Plaintiffs react to redistricting ruling

TALLAHASSEE, Fla. -- State lawmakers must reverse course and start over. A north Florida judge ordered them to redraw congressional districts deemed illegal.

The Women League of Voters of Florida, among other plaintiffs, sued the legislature over congressional maps and won. Now a judge has agreed the maps must be redrawn to effect this year's elections.

"We think that this is a champagne day for Florida voters," said Jessica Lowe-Minor, executive director of the Women League of Voters of Florida.

"Something that relates to whether or not our democracy is fundamentally sound is well worth the extra trip to the polls," she said.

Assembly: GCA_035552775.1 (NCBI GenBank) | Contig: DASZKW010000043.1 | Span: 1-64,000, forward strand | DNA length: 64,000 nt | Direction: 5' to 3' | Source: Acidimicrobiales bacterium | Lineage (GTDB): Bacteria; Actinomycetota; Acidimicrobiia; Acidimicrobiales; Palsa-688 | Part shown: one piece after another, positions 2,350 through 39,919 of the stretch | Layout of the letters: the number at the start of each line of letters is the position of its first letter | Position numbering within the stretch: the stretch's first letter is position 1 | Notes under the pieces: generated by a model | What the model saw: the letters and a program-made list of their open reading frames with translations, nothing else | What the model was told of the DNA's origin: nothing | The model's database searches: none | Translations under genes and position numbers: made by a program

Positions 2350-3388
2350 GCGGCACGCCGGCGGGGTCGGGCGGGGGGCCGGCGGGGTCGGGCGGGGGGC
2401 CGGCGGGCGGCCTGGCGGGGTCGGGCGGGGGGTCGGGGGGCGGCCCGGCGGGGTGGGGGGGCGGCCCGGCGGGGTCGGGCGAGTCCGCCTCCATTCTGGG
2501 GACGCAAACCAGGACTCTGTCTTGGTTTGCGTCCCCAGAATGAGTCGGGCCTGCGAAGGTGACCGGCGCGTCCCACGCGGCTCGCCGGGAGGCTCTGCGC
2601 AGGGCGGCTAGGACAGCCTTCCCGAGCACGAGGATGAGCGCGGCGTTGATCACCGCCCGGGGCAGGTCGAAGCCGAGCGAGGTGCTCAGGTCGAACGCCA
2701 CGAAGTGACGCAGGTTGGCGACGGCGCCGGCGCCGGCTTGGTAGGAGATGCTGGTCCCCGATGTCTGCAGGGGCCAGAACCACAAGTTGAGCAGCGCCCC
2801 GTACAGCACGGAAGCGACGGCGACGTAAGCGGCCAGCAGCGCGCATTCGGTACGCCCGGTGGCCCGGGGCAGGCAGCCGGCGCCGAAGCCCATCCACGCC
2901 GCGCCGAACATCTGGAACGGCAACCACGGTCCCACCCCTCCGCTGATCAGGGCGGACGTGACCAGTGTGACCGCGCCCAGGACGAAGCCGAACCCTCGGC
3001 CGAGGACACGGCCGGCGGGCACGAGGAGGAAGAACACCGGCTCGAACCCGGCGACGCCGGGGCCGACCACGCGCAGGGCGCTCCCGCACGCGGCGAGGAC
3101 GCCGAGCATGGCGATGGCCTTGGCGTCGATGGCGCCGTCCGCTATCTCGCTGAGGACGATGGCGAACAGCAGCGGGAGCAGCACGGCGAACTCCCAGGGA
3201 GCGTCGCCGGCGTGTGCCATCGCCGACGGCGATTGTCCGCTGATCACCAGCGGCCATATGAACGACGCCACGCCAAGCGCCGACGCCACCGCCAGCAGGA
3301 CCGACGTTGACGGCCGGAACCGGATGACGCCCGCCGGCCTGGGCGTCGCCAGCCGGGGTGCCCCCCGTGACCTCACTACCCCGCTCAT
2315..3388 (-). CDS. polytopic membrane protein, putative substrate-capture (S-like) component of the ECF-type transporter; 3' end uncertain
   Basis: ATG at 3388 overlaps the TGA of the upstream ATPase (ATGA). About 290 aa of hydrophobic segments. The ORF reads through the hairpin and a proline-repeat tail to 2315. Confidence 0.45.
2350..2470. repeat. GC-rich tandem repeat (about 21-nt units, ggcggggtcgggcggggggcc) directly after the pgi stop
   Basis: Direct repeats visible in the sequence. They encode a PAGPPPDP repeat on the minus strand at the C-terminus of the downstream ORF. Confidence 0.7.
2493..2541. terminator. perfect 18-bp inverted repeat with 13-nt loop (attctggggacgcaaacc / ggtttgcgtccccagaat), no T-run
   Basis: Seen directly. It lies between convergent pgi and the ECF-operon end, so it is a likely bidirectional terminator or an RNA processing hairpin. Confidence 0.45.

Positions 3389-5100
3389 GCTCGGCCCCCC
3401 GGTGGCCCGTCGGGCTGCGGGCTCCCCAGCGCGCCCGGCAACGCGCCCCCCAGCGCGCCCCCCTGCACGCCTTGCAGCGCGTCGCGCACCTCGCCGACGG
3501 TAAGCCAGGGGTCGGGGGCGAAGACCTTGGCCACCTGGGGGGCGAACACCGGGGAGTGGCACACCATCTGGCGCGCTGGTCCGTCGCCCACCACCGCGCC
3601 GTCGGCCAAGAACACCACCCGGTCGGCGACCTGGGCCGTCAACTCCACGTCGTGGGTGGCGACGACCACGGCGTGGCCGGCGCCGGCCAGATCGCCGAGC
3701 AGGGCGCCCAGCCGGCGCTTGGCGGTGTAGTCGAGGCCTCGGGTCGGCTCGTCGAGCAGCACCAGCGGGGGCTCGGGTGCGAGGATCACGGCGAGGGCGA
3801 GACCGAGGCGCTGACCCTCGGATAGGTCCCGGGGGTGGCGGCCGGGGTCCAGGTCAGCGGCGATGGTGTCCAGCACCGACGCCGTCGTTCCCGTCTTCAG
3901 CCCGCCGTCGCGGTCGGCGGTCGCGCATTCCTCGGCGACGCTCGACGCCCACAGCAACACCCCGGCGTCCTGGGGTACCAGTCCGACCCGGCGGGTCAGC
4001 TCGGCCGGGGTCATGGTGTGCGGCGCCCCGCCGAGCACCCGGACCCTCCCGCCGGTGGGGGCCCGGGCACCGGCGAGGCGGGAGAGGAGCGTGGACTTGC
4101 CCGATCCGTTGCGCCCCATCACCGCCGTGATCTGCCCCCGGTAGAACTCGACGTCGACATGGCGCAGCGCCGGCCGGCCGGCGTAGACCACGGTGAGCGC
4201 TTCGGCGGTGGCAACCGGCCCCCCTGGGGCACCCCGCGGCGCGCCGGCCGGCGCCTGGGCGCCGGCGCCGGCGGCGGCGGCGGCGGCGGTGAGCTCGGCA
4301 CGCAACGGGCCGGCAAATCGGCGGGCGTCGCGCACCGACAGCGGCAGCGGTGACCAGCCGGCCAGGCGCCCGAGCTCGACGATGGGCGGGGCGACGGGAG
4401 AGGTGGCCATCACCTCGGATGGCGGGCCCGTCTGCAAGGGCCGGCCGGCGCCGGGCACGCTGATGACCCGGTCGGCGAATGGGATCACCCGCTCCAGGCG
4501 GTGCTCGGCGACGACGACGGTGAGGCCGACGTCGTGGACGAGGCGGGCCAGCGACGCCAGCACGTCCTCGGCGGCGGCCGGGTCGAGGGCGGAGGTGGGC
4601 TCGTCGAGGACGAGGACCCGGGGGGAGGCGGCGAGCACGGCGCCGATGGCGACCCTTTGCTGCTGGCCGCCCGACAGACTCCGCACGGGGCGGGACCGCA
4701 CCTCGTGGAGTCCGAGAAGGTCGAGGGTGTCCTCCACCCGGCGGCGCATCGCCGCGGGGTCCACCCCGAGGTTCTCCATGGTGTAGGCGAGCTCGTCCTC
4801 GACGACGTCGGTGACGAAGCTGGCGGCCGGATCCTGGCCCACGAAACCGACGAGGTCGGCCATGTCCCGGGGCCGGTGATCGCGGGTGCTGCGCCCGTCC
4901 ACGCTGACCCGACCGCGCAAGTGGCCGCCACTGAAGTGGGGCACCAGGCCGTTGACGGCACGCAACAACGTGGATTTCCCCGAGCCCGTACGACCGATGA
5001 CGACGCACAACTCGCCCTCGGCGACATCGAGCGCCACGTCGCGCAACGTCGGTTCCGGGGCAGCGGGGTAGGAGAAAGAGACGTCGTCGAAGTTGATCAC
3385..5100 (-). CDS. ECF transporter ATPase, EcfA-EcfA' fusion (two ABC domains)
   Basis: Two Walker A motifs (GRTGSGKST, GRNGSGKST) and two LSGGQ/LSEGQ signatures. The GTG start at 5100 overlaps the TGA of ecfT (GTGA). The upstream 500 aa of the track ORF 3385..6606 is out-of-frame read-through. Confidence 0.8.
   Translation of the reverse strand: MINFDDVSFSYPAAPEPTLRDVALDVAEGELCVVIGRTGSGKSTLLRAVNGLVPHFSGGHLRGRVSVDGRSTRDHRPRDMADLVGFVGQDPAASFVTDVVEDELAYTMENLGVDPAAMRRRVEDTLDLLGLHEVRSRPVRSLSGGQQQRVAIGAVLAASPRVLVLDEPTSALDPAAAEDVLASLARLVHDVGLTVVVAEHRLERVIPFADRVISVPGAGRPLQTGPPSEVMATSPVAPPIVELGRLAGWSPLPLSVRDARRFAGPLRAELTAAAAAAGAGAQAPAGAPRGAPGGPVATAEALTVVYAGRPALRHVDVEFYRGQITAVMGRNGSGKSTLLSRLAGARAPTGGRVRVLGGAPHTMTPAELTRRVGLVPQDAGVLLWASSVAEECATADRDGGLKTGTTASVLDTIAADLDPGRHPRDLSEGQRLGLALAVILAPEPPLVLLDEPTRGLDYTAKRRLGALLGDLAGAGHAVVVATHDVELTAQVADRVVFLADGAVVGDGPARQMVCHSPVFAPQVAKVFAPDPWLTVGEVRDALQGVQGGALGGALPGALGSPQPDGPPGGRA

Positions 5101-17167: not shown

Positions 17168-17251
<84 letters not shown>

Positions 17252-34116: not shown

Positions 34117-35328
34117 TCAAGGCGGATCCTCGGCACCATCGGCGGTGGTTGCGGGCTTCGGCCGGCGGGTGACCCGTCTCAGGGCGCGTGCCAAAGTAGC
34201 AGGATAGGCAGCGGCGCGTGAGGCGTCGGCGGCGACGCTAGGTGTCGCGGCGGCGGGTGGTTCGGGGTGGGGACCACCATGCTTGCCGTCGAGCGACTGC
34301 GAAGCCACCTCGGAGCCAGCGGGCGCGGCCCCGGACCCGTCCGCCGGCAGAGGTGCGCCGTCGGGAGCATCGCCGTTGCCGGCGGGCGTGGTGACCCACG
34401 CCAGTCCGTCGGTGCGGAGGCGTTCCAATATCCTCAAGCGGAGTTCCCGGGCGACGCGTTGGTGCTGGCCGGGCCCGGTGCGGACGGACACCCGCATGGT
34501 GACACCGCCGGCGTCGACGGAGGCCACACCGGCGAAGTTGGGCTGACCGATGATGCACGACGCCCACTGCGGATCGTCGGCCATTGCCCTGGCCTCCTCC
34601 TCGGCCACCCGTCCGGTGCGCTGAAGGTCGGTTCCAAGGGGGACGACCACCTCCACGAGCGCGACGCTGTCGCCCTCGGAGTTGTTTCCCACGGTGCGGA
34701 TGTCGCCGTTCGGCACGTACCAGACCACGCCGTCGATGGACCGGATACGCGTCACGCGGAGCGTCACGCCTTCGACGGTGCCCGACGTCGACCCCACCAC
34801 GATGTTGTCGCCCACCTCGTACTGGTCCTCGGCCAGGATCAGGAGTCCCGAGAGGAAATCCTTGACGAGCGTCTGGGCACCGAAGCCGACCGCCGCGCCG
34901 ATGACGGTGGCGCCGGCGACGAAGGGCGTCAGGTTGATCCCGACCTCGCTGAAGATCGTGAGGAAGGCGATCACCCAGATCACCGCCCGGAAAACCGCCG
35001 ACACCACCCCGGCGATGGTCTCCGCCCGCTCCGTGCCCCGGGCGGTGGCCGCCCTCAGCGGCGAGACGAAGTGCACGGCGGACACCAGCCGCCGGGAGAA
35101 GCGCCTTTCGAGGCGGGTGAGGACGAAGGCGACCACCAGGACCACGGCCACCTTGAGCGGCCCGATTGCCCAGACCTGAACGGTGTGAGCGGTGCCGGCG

Leon County Judge Terry Lewis ruled in July that districts 5 and 10 were drawn to favor Republicans. Now, he orders they must be fixed by August 15th and for elections officials to propose a special election date to meet that deadline as well.

"The Republicans are not surprised by this ruling. What was surprising was their effort to not appeal," said political expert Trimmel Gomes.

Gomes says this process can cause confusion and take a lot of resources but was necessary.

"The goal is to make sure that voters are not disenfranchised in any way because of this process."

Without an appeal, the legislature has no choice but to follow through. Speaker Will Weatherford has called a special session to start this Thursday.

In a memo to fellow lawmakers, he writes "the Florida Legislature has decided to produce a Congressional map to address the Court's limited concerns."


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